The Web search giant has been denying his office access to the information, and now Blumenthal is demanding the information.
He filed a civil investigative demand, which is a bit like a subpoena, to find out what the company grabbed from unsecured personal and business wireless computer networks in the state.
At first, Google claimed that the information was fragmented. But then, they admitted that they might have captured entire emails and other information, Blumenthal said.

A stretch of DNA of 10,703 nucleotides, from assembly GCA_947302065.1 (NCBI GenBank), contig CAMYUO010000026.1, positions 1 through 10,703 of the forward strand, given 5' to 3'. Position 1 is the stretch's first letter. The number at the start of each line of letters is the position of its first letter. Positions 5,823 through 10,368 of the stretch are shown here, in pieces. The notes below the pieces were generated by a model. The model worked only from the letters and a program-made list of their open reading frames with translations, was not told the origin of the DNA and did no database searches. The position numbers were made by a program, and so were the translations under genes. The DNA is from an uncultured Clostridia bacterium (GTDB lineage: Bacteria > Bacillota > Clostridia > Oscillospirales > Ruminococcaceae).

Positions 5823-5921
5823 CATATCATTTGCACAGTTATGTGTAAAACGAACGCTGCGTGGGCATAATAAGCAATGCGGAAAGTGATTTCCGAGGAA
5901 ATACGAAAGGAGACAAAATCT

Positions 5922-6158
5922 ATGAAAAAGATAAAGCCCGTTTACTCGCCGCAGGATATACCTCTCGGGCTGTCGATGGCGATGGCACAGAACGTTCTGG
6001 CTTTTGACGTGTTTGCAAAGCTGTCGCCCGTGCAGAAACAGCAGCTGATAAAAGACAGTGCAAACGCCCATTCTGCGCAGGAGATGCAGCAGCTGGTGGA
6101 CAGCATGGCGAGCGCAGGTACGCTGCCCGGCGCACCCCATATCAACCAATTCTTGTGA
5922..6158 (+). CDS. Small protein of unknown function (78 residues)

“We need to verify what confidential information the company surreptitiously and wrongfully collected and stored,” Blumenthal said in a statement.
He wants to know whether emails, passwords, web-browsing and other information was improperly intercepted.
“Reviewing this information is vital because Google’s story changed, first claiming only fragments were collected, then acknowledging entire emails,” Blumenthal said.
Blumenthal said Google has until Dec. 17 to provide access to the information and his office will “scrupulously safeguard the confidentiality of information we review.”